At the start of his professional career he began to compose poems predicting in what round he would win his fights and making fun of the people he fought.
It was the start of the golden era of heavyweight boxing with Clay's good looks and irrepressible personality making him one of the most popular persons across the planet. His extravagant poetry became as eagerly anticipated as his fights, with millions looking forward eagerly to his enthusiastic recitations inter-mixed with the comedic teasing of his opponent at press conferences, at weigh-ins, and on a best-selling long-playing record which he produced.
According to Clay, one of his first larger-than-life opponents, Archie Moore, would fall in four, so Clay "mouthpieced" to all and sundry: "When you come to the fight don't block the door, cause you'll all go home after Round Four." Moore went in four. Henry Cooper went in the predicted five. And so it went on to the delight of the waiting world.
Then came his immortal encounter with World Heavyweight Champion Sonny Liston. This was the fight of the year, 1964, with 22-year-old Clay going after the fighter who many thought to be unbeatable. Liston was said to be the best heavyweight of all time, and a mean-tempered pugilist who had been arrested often, in some instances for armed robbery, and once for beating up a policeman.
Clay picked the eighth round to fell "the big bear", goading Liston at every opportunity, and even appearing on Liston's doorstep shouting that he was going "to whup the champion bad".
It was intimidation at its best, with Clay predicting what the first seconds of Round I action would be like: "Clay comes out to meet Liston and Liston starts to retreat,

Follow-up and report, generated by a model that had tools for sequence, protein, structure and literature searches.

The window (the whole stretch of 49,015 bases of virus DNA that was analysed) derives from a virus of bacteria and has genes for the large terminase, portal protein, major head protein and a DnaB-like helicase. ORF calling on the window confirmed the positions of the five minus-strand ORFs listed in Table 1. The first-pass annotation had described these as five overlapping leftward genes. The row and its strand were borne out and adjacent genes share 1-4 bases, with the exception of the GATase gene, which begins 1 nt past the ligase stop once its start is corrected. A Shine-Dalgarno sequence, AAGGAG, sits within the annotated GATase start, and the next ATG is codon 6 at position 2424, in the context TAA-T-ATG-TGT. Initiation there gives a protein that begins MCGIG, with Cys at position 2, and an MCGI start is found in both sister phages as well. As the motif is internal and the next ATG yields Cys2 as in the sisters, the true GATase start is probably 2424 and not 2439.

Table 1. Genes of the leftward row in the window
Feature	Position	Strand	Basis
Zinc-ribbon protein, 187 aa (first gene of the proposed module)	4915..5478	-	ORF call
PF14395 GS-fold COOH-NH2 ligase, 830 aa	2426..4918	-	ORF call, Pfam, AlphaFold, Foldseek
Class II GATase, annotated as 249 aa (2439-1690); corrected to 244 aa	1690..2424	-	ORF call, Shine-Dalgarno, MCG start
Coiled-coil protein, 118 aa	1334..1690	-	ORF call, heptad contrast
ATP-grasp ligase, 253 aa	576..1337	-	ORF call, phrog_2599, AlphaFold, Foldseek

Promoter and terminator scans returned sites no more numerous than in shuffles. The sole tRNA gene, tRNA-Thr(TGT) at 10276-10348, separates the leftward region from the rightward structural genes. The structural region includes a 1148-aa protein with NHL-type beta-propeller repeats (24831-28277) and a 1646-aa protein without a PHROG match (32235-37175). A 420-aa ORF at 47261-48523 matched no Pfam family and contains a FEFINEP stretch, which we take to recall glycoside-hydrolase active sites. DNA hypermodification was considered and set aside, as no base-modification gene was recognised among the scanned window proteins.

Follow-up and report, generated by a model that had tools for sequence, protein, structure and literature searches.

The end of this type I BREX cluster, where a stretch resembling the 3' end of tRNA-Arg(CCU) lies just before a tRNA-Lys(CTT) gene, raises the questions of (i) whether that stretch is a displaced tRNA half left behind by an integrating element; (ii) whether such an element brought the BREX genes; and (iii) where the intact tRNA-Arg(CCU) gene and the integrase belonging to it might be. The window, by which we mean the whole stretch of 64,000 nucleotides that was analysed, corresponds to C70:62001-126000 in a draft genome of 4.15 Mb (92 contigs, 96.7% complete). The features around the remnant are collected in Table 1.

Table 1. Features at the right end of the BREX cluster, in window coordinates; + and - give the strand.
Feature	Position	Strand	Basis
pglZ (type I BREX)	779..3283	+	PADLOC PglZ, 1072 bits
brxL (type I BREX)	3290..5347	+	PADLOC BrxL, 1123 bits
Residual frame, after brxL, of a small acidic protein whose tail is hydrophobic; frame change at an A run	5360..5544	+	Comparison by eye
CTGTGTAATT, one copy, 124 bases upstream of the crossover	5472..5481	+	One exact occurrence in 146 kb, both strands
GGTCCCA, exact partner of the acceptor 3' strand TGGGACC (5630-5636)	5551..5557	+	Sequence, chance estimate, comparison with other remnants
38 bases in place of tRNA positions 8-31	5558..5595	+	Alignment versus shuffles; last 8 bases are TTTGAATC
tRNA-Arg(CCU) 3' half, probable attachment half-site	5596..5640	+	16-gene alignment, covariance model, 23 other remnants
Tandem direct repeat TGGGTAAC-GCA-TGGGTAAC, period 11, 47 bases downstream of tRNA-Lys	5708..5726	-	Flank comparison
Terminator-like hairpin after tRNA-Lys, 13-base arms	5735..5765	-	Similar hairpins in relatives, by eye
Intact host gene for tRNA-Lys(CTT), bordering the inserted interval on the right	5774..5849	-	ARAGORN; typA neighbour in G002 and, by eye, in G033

if Liston goes back any further he'll end up in a ringside seat."
The rest of the poem was hilarious.
"Now Clay lands with a right, what a beautiful swing
And the punch lifts the Bear clear out of the ring
Liston is still rising and the ref wears a frown
Cause he can't start counting until Sonny comes down.
Now Liston is disappearing from view, the crowd is going frantic
But radar stations have picked him up somewhere over the Atlantic.
Who would have thought when they came to the fight
That they'd witness the launching of a human satellite".
It may not have been great poetry, but it worked. Liston sat down on his stool and refused to answer the bell for the seventh round. A new heavyweight champion, serenaded by his own incomparable lyrics, had arrived.
WHY DON'T THEY?
Here is one of my periodic "why don't they" thoughts. Why don't they try to persuade the Chinese government to carry out a complete makeover of the Trelawny Stadium -- which they built -- into an international sports training institute for all kind of sports, including athletics, cricket, football, tennis, swimming, netball, basketball, and others? With dormitories and rooms to accommodate students from around the world.
Name it the BOLT BEIJING Stadium, planting a bit of China in a prestigious sports setting halfway across the world, and guaranteeing a giant income and employment spin-off for Jamaica. And as an added plus, an incentive and attraction for Chinese tourists to take the 14-hour flight to Jamaica.
Lance Neita is a public relations and communications specialist. He can be contacted at firstname.lastname@example.org